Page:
by Vihari-Lala Mitra | 1891 | 1,121,132 words | ISBN-10: 8171101519
The English translation of the Yoga-vasistha: a Hindu philosophical and spiritual text written by sage Valmiki from an Advaita-vedanta perspective. The book contains epic narratives similar to puranas and chronologically precedes the Ramayana. The Yoga-vasistha is believed by some Hindus to answer all the questions that arise in the human mind, an...
Having obtained a body free from disease and a mind free from trouble, one should try to know the knowable to prevent his further birth (in this world).
2. Whoso wishes to avert his destiny by means of his activity, obtains the acme of his wishes both in this world as well as in the next.
3. But whoever is averse to assiduity and relies in his luck, he is an enemy to his own soul, and sacrifices all his virtues, riches and hopes
(to his idleness).
4. It is the exercise of our sensuous and mental faculties as also of the members of the body, which are the different modes of our exertions, that leads us to success.
5. Our perceptions are the cause of our mental activity, and this actuates the body to action, whereby we obtain the fruits of our desire.
6. In whatever case there is some act (enjoined in the Sastra), it points us to our exertions and never to destiny. Even children are well aware of this.
8. There have been many weak, poor and miserable men, who have by means of their manly exertions become equal to Indra himself.
9. So also there have been many great men on earth, who after enjoyment of a great many extraordinary things and luxuries here, have become guests in hell for want of the exercise of their manly virtues.
10. In this manner have all beings evaded the effects of their various states of want and opulence by means of their own exertions (in the right way).
11. There are three fold benefits derived from the study of books, from lectures of a preceptor, and from one's own industry, all of which are attendant on our exertions and not destiny.
12. This is the long and short of all the Sastras, that diligence preserves our minds from all evils, by employing them to whatever is good and right.
13. To apply with diligence to whatever is excellent, not low or mean and not liable to loss or decay, is the precept of parents and preceptors to their sons and pupils.
14. I get the immediate fruit of my labour in proportion to my exertion: hence I say, I enjoy the fruit of my labour and not of fortune.
15. Activity gives us success and it is this that elevates the intelligent. But men of little understandings rely only in fortune in their miserable state.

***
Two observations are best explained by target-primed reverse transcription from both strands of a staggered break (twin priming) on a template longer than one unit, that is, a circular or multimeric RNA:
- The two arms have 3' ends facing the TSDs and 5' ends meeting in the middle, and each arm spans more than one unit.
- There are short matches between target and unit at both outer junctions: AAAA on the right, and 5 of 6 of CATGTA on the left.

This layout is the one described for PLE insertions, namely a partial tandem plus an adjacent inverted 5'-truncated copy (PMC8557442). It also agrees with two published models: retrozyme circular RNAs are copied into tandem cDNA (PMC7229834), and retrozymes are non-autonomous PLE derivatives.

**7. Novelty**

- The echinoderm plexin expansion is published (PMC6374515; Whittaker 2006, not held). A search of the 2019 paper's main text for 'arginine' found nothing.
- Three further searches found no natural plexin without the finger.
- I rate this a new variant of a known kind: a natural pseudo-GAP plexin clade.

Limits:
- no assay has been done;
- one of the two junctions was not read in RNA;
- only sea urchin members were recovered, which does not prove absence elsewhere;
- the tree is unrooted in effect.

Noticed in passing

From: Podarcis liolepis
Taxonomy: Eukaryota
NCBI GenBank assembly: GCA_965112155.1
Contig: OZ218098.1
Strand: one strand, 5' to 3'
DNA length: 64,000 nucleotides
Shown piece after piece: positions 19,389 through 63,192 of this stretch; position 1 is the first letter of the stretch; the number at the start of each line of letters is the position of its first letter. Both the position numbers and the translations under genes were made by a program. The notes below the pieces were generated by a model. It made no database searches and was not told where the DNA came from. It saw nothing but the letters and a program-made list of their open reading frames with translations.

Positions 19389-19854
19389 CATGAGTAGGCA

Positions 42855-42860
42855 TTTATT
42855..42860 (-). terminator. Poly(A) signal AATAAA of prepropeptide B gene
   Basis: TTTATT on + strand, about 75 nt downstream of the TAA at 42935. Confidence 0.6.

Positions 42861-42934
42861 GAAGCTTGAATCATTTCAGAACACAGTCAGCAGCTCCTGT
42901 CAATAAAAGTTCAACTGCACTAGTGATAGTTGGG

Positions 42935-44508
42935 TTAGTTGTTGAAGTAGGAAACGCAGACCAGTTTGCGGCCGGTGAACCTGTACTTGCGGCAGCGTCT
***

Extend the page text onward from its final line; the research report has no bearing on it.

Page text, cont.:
16. We have ocular evidence (of the efficacy) of activity every day, in the instances of men travelling in distant countries (for the sake of gain).
17. He that eats becomes satiate and not who starves: so he who walks is said to proceed and not one who rests: and in like manner whoso speaks is called a speaker and not the silent man: thus action makes the man.
18. Wise men escape from great difficulties by means of their exertions;but not so the mistaken fatalist by his fruitless inertness.
19. Whoso acts in any manner, gets his reward accordingly; but the restive man has nothing to expect anywhere.
20. By well directed industry a man reaps the best reward, as he meets with its reverse by his misapplied labour: think upon this O Rama! and do as you like.
21. The reward of industry which a man meets with sooner or later at any time or place, the same is said by the wise to be his fortune.
22. No one can see his fortune, nor has any body ever seen the same, nor is there such a thing to be found in any world: it is but the merit of our acts here which they place in the other world.
23. A man is born on earth to grow up and decay in his time, and no destiny is seen therein in the same way as his childhood, youth and old age.
24. One's application to diligence and action for the attainment of an object, is known by the term exertion by the wise, whereby all things are accomplished, (and which is no destiny).
25. One's going from one place to another, his holding a thing in the hand, and the movement of his limbs, are all the acts of his exertion and not his destiny.
26. There is another kind of propensity to acts productive of evil; this sort of action is likened to the attempt of a mad man which yields no good.
27. Men of acute understandings raise themselves to elevation, by their association with the virtuous, study of good works and active employment to duties tending to their own good.
28. The boundless joy arising from equanimity, is said to constitute one's Summum bonum (upon earth). This blessing also results from a man's diligent application to the Sastras (and not from his destiny).
29. It is the understanding that leads to the knowledge of the Sastras, as it is the other that tends to our right understanding of things. Just so does the lotus serve to beautify a lake, as it is the lake which lends its grace to the lotus. (i. e. they serve mutually to assist each other).
30. It is also by virtue of one's deep study and good company in youth, that a man attains his desirable objects afterwards (which are the results of his exertions).
31. It was by means of his activity that Vishnu had conquered the demons, and established the order of the world. It was by this that he created the worlds none of which could be the work of fate.
32. Now, O lord of Raghu's race! employ your efforts to the exertion of your manly activities in such a way in this earth, that you may live free from fear of being bitten by the serpentine people in this arbor of the world (i. e. crush the malice of your enemies).